Impact of Foreclosures on Neighborhood Crime in Five Cities in the United States, 2002-2011 (ICPSR 34978)

Version Date: Oct 31, 2016 View help for published

Principal Investigator(s): View help for Principal Investigator(s)
Ingrid Gould Ellen, New York University

https://doi.org/10.3886/ICPSR34978.v1

Version V1

These data are part of NACJD's Fast Track Release and are distributed as they there received from the data depositor. The files have been zipped by NACJD for release, but not checked or processed except of the removal of direct identifiers. Users should refer to the accompany readme file for a brief description of the files available with this collections and consult the investigator(s) if further information is needed.

The purpose of the study was to examine whether and how foreclosures affect neighborhood crime in five cities in the United States. Point-specific crime data was provide by the New York (New York) Police Department, the Chicago (Illinois) Police Department, the Miami (Florida) Police Department, the Philadelphia (Pennsylvania) Police Department, and the Atlanta (Georgia) Police Department. Researchers also created measures of violent and property crimes based on Uniform Crime Report (UCR) categories, and a measure of public order crime, which includes less serious offenses including loitering, prostitution, drug crimes, graffiti, and weapons offenses. Researchers obtained data on the number of foreclosure notices (Lis Pendens) filed, the number of Lis Pendens filed that do not become real estate owned (REO), and number of REO properties from court fillings, mortgage deeds and tax assessor's offices.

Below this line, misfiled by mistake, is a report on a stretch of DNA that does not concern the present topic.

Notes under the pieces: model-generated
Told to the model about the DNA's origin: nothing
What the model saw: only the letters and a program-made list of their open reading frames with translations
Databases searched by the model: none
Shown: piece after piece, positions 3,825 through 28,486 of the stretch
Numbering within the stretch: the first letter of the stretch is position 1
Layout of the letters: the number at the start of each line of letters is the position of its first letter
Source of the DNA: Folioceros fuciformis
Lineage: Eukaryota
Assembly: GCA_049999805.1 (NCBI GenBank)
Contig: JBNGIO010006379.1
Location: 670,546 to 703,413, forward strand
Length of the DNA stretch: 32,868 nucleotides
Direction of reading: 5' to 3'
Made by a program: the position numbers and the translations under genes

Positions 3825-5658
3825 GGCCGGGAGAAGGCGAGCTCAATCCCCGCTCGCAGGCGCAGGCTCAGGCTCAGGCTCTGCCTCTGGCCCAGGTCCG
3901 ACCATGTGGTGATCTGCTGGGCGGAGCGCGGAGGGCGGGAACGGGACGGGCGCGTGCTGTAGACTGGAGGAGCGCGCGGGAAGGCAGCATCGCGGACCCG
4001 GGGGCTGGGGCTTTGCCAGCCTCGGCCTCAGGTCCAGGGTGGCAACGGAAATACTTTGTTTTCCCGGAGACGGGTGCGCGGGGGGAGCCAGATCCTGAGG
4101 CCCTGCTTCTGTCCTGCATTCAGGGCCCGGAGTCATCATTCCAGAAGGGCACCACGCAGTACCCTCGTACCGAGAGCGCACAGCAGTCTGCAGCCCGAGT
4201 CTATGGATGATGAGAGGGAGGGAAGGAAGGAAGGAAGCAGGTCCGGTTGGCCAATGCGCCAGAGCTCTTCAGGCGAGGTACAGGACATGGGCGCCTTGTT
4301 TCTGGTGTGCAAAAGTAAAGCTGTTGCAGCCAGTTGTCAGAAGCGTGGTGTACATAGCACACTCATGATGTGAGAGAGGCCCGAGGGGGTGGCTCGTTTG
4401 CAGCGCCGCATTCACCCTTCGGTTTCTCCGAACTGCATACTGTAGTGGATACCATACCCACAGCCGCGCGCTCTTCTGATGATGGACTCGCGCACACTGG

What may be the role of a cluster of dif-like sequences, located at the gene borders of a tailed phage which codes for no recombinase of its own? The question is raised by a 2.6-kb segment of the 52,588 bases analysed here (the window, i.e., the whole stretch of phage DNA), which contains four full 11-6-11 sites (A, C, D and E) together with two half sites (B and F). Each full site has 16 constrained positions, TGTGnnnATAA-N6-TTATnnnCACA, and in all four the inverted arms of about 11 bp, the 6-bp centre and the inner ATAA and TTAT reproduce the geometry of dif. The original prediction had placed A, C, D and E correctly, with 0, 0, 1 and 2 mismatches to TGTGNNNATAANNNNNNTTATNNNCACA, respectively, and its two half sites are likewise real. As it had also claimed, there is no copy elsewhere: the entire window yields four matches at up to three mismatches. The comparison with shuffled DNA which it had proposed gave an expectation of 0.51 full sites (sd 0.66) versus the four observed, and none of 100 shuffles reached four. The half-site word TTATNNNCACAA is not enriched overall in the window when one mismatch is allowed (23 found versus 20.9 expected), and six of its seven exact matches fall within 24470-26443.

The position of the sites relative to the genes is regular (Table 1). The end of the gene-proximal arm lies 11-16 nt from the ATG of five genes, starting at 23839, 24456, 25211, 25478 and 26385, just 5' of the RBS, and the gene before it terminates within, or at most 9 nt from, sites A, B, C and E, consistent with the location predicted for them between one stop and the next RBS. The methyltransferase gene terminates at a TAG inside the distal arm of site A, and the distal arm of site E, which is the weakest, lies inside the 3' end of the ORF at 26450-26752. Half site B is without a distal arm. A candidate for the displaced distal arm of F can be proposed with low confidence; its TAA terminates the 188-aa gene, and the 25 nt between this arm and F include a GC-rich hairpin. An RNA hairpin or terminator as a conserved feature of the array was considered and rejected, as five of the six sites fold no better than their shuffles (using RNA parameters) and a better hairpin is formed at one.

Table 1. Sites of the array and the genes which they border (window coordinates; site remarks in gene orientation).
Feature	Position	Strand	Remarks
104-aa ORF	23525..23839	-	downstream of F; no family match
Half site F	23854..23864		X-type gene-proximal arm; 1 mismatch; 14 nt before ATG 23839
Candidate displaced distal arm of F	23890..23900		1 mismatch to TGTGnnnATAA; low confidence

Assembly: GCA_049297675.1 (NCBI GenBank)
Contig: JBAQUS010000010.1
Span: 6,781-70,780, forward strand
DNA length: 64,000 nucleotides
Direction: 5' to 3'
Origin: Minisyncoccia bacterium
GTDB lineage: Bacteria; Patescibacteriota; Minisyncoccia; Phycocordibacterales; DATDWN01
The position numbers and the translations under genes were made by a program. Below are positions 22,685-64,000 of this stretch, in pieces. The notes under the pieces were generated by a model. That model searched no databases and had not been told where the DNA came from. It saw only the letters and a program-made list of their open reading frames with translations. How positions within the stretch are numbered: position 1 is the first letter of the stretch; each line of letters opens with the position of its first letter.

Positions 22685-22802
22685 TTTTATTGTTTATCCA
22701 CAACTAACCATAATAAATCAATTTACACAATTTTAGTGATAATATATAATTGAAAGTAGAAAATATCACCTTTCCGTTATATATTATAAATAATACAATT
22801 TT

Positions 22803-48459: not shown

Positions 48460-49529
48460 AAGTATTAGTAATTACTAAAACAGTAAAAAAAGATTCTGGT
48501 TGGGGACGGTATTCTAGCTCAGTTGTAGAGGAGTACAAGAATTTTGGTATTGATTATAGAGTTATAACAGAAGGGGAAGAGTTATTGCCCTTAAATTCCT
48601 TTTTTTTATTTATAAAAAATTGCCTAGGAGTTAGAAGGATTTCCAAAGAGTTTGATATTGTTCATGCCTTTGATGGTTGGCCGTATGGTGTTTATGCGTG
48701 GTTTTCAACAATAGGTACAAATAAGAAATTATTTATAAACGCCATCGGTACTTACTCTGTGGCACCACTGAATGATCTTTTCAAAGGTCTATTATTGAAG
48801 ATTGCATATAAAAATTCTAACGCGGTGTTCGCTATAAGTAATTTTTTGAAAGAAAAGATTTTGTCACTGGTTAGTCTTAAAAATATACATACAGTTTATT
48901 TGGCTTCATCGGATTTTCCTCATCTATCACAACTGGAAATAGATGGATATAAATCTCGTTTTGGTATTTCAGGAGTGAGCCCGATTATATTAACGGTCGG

Gould Ellen, Ingrid. Impact of Foreclosures on Neighborhood Crime in Five Cities in the United States, 2002-2011. Ann Arbor, MI: Inter-university Consortium for Political and Social Research [distributor], 2016-10-31. https://doi.org/10.3886/ICPSR34978.v1

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United States Department of Justice. Office of Justice Programs. National Institute of Justice (2010-IJ-CX-0028)

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Access to these data is restricted. Users interested in obtaining these data must complete a Restricted Data Use Agreement, specify the reason for the request, and obtain IRB approval or notice of exemption for their research.

Inter-university Consortium for Political and Social Research
2002 -- 2011
2002 -- 2011

These data are part of NACJD's Fast Track Release and are distributed as they there received from the data depositor. The files have been zipped by NACJD for release, but not checked or processed except of the removal of direct identifiers. Users should refer to the accompany readme file for a brief description of the files available with this collections and consult the investigator(s) if further information is needed.

The purpose of the study was to examine whether and how foreclosures affect neighborhood crime in five cities in the United States.

Point-specific crime data was provide by the police departments from the following:

  • New York Police Department for 2004-2010;
  • Chicago Police Department via the City of Chicago Data Portal for 2001-2011;
  • Miami Police Department for 2005-2011;
  • Philadelphia Police Department for 2005-2010; and
  • Atlanta Police Department for 2005-2011.